One of the biggest criticisms of those opposed to the Donald Trump for President campaign is that the bombastic billionaire and reality TV star, who is running for the presidency as a Republican, is that he is simply not a conservative as he is trying to sell himself to be to the American people. In fact, over the weekend, Trump said that he was more conservative than Ronald Reagan.
Though Trump can make all the claims about his political leanings that he wants, what voters need to pay attention to is the consistency of his words, actions, a stance on the issues. What The Donald said during an interview with Field and Stream magazine at SHOT Show in Las Vegas on January 21 will add more fuel to the fire that Trump is no true conservative and, in fact, holds far too many views more in line with far-left Democrat and dictator-in-chief Barack Obama.
Trump sat down with Anthony Licata, editor of Field and Stream magazine, to discuss guns, hunting, and conservation.
— Field & Stream (@FieldandStream) January 23, 2016
One of the topics during the discussion was regarding public land and the fact that the federal government unconstitutionally has taken over control massive amounts of public land in Western states. In Nevada alone, the federal government has claimed as their own 80 percent of the public land.
To put it in perspective, this is how much land the federal government has confiscated from the states.
So, how does Donald Trump feel about this unconstitutional, federal land ownership for land belonging to the states? (emphasis mine)
AL: I’d like to talk about public land. Seventy percent of hunters in the West hunt on public lands managed by the federal government. Right now, there’s a lot of discussion about the federal government transferring those lands to states and the divesting of that land. Is that something you would support as President?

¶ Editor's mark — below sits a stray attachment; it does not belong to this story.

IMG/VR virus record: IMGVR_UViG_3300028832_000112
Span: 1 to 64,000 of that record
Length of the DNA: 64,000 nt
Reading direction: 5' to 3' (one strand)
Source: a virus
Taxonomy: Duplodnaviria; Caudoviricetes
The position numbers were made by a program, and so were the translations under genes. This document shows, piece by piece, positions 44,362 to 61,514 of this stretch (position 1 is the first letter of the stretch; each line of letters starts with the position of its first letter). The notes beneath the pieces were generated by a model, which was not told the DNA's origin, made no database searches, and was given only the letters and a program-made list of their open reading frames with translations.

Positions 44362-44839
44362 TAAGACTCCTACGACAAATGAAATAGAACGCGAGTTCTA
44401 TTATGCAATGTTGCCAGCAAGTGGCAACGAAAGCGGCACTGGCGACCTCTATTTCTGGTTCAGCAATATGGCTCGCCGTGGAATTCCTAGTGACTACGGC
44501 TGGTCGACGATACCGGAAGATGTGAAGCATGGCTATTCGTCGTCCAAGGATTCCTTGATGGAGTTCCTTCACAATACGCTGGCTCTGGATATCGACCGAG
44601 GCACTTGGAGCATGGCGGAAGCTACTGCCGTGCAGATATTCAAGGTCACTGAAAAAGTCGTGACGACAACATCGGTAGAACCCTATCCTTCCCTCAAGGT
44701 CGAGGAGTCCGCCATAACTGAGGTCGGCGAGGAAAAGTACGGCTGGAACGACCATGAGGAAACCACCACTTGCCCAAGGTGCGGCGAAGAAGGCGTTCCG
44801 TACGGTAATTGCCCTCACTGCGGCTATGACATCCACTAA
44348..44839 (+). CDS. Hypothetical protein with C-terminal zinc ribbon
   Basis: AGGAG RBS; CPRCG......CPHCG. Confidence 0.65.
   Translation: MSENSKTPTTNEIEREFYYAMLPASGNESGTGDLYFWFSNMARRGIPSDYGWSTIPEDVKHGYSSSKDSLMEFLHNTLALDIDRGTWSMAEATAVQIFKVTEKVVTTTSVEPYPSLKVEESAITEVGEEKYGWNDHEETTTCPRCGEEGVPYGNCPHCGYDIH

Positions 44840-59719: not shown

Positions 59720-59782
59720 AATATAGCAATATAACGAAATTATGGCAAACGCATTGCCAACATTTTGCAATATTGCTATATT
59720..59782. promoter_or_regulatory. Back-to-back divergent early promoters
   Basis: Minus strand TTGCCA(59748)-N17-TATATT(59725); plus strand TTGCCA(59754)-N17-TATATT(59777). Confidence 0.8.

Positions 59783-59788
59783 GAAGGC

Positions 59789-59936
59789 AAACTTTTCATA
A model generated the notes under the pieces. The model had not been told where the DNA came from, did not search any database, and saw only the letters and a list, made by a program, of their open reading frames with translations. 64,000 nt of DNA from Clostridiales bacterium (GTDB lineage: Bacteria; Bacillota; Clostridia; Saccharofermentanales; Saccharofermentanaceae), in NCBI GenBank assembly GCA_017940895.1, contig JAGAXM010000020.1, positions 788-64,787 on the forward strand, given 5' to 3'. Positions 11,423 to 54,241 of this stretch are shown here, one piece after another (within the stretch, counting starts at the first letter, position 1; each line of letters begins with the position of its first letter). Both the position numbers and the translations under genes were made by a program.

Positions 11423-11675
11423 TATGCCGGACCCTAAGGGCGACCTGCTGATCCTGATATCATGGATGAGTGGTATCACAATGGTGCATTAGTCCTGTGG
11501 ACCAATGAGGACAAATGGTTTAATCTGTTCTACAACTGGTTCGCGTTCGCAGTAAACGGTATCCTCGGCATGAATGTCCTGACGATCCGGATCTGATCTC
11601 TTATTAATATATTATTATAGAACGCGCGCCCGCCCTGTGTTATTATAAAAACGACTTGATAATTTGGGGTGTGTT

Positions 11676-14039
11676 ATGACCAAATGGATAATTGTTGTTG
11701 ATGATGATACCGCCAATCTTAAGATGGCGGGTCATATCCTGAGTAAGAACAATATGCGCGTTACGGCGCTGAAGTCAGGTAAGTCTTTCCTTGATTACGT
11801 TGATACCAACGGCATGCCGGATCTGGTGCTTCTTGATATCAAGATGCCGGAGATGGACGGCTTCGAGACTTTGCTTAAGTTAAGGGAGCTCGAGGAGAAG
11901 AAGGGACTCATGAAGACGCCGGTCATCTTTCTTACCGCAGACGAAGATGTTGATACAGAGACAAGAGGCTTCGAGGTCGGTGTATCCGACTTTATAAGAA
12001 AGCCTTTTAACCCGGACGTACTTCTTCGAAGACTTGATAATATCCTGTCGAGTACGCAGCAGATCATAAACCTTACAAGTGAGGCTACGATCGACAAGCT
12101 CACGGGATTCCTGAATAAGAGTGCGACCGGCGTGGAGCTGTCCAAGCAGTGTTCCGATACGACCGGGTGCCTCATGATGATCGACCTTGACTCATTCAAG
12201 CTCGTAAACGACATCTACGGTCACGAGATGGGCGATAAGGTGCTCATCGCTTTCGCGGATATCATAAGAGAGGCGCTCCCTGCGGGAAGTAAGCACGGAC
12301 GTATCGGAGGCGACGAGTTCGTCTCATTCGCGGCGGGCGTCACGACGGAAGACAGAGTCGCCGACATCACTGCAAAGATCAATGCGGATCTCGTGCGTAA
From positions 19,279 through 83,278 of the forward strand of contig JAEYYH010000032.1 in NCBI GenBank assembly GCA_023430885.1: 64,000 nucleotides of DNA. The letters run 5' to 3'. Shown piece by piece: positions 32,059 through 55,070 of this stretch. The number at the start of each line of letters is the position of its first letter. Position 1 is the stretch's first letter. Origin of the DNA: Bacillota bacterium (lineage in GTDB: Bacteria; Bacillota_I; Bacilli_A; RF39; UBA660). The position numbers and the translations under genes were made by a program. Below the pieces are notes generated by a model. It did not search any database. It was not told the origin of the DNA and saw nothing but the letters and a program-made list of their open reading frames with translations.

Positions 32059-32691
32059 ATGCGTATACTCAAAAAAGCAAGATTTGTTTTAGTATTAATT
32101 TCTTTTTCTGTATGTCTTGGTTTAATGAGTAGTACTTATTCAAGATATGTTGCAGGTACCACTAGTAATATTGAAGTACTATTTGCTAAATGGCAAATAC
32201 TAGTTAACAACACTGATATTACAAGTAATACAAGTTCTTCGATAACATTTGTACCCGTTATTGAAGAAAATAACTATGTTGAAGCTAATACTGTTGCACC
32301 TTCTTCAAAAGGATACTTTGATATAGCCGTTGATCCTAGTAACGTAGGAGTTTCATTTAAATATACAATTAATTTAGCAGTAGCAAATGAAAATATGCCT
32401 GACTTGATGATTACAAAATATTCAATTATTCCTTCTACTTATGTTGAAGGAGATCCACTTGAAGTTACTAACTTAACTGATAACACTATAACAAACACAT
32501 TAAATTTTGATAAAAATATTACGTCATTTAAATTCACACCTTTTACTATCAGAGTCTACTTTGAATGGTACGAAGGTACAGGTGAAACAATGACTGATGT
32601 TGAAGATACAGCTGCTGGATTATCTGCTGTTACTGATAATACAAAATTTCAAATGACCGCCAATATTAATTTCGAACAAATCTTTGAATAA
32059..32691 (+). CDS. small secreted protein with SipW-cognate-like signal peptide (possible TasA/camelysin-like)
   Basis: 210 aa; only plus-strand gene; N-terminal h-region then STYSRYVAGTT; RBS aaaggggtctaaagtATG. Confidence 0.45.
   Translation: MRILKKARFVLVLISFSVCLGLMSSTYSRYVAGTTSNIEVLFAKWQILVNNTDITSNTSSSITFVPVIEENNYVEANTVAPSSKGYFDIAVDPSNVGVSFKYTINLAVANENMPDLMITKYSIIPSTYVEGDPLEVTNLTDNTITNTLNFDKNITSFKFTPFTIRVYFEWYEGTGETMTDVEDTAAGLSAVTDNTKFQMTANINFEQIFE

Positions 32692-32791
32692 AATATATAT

DT: I don’t like the idea because I want to keep the lands great, and you don’t know what the state is going to do. I mean, are they going to sell if they get into a little bit of trouble? And I don’t think it’s something that should be sold. We have to be great stewards of this land. This is magnificent land. And we have to be great stewards of this land. And the hunters do such a great job—I mean, the hunters and the fishermen and all of the different people that use that land. So I’ve been hearing more and more about that. And it’s just like the erosion of the Second Amendment. I mean, every day you hear Hillary Clinton wants to essentially wipe out the Second Amendment. We have to protect the Second Amendment, and we have to protect our lands.
Later in the interview, Licata once again shifted the conversation to discuss conservation and the fact that, despite the massive amount of land in the West that the federal government has seized control over, the land is not being taken care of. Trump held firm to his belief that the federal government should continue to illegally and unconstitutionally own the land, but he would take care of it better because his sons are hunters. (emphasis mine)
AL: Let me ask you this—back to conservation and access for hunters’ rights to get on public land. One of the things that we’ve found is so much of this campaign—not your campaign, but this election cycle—has talked about cutting budgets and reducing the federal government. And what the budget is for managing public lands right now is at one percent. In 1970, it was two percent. Would you continue to push that number down for wildlife conservation or would you look to invest more?
DT: I don’t think there’s any reason to. And I will say—and I’ve heard this from many of my friends who are really avid hunters and I’ve heard it from my sons who are avid hunters—that the lands are not maintained the way they were by any stretch of the imagination. And we’re going to get that changed; we’re going to reverse that. And the good thing is, I’m in a family where I have—I mean, I’m a member of the NRA, but I have two longtime members of the NRA. They’ve been hunting from the time they were five years old and probably maybe even less than that. And they really understand it. And I like the fact that, you know, I can sort of use them in terms of—they know so much about every single element about every question that you’re asking. And one of the things they’ve complained about for years is how badly the federal lands are maintained, so we’ll get that changed.
For those who doubt that Trump actually took this stance, standing with the thugs and thieves at the Bureau of Land Management (BLM), here is the video of him taking that stand. To Trump, big government knows best how to take care of the land that they have confiscated from the states.
The first section of the above transcription is discussed beginning at approximately the 1:06 mark. The second section regarding access for hunters’ rights to get back on the public land begins at around the 2:50 mark.